2. The grace of forgiveness, growth in understanding of what is right and wrong in life are encompassed by faith. Karmen expressed it very well. Faith has been a constant theme through the books; not going to church every week and ranting, but the gradual growth of faith as we grow. I made a comment on another site that Jamie telling Fergus that Faith will find Isobeil as true faith.
    That was received negatively by one person. The reasoning to me was shocking. Apparently Catholics can go around committing sin, not worried because they can go to confession. Apparently that is behind all of Jamie’s actions. I am shocked that people still think that.
    This person felt TC is morally superior because he lives by strict biblical rules. TC has no understanding of morality; we saw it at Ardsmuir, the minute he knocks at the Fraser’s door, his dealings with his children. He shows it that once his hand is fixed he whips Malva’s bare bottom. Alan got it on his clothed body. He shows it when he is affronted that Catholic read the bible. That is a laugh once all Protestant denominations are off shoots of the Catholic church; which is where they got their bible.
    603 sped by on excellence. It flowed like the stream poor Henri-Christian numbed along. Roger was excellent in his burgeoning pastorship.
    Jamie’s punishment was a test for the boys; they had to make a decision about themselves. The comment about Jamie kneeling down to speak to Germain echoes something I saw Sam do in a picture. He went down on his knee to a child. It would be good if we all remembered.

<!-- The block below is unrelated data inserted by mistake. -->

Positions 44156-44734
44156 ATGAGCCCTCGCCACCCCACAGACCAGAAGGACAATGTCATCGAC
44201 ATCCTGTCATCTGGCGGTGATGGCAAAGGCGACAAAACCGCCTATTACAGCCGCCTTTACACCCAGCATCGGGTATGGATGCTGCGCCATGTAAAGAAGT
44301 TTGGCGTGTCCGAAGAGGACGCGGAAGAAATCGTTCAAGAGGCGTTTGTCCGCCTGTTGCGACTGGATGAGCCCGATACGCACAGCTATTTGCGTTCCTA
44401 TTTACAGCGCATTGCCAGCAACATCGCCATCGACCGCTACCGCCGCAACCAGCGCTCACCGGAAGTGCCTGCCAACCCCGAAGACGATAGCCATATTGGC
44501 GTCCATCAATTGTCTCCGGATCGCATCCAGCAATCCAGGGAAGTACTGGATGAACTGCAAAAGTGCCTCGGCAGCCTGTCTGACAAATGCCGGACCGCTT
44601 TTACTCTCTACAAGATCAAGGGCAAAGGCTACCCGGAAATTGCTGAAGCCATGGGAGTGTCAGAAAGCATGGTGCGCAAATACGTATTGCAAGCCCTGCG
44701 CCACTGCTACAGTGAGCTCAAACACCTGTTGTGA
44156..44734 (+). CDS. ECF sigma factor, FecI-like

César was magnificent as we knew he would be given the material.
    TC ‘s rudeness seems to be unbound. He pouts that he has waited a long time for Claire, the woman he wants to fix his hand.
    Jamie’s words to Fergus, after Fergus tries to die, are those we should tell all our loved ones, not just in times of illness. The two are excellent there; a great intimacy envelops them. It reminds me of the moment Jamie tells the priest Fergus’ last name to the priest.
    The surgery, personally I had no sympathy.
    Malva’s ability to use bible verses while flirting is quite the skill.
    It was good to see Marsali get mad at Fergus. It was honest and fearful.
    TC frequent mention that he is an educated man is a defense but it is obvious in his words and actions that he truly isn’t. Education means logical thinking not just parroting of ‘opinions masquerading as facts’.